Last week, Tampa Bay Rays baseball player Brian Miller shared his testimony with Newport Harbor and Corona del Mar students. He described the pressure he experienced growing up in a culture where he felt like he had to maintain an illusion of perfection. He wanted everyone to see him as the all-star athlete, straight-A student, and good Christian kid who never made mistakes or let anyone down. But striving to uphold this “perfect” front was a heavy burden to bear and Brian found himself wrestling with pride, deceit, and what it means to live a life of integrity.
It wasn’t until Brian truly understood the grace and freedom offered through Jesus’ sacrifice that he realized he wasn’t called to be perfect. He challenged students to reexamine the old cliche “what would Jesus do?” For Brian, that saying seemed to emphasize our own actions and achievement in seeking to live a perfect, Christ-like life. While we certainly do want to emulate Christ in our actions, we cannot justify ourselves through simply living a holy life. Instead, we need the grace and forgiveness of Christ to be righteous before God. So instead of “what would Jesus do?,” Brian asked the students, “what has Jesus done?”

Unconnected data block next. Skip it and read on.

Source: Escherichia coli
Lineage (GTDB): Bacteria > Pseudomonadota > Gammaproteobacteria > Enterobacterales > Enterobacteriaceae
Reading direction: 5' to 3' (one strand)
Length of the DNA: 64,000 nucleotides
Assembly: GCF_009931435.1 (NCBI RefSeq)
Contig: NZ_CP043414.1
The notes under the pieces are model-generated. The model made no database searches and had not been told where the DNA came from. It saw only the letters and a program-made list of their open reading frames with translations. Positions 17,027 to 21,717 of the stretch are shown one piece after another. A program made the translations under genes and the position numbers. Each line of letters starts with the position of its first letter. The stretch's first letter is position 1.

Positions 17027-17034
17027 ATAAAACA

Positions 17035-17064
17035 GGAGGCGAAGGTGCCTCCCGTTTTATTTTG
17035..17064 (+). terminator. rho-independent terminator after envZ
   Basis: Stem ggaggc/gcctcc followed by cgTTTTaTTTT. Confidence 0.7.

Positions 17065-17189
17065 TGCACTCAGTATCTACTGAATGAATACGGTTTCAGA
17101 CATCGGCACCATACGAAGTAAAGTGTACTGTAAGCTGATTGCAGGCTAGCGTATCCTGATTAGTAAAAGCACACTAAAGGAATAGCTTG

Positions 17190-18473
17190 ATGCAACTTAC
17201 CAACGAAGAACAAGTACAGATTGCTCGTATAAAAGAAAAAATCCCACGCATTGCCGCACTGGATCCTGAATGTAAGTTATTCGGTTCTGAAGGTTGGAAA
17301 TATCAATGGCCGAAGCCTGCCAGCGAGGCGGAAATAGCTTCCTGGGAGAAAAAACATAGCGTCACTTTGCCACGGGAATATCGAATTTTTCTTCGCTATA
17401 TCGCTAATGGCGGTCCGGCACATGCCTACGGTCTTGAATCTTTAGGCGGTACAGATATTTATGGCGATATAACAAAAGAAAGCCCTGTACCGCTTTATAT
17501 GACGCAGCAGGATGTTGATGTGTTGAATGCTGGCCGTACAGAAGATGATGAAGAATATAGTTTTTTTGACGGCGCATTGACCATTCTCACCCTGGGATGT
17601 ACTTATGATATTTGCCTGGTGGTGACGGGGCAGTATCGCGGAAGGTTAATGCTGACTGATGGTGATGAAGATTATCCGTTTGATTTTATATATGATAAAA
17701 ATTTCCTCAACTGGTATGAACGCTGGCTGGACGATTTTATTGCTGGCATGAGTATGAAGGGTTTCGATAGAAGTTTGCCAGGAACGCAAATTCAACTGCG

The question “what had Jesus done?” recognizes Jesus’ life and ministry, his death and resurrection, and the forgiveness and unconditional love he offers. Living from an embrace of what Jesus has already done for us propels us into a life of response where we seek to glorify God because of our gratitude for the grace he has already given. This is a vastly different mindset than one that demands actions in an attempt to earn salvation. Brain encouraged the students to spend time reflecting on what Jesus has already done in their lives and recognizing the gift of his unconditional love.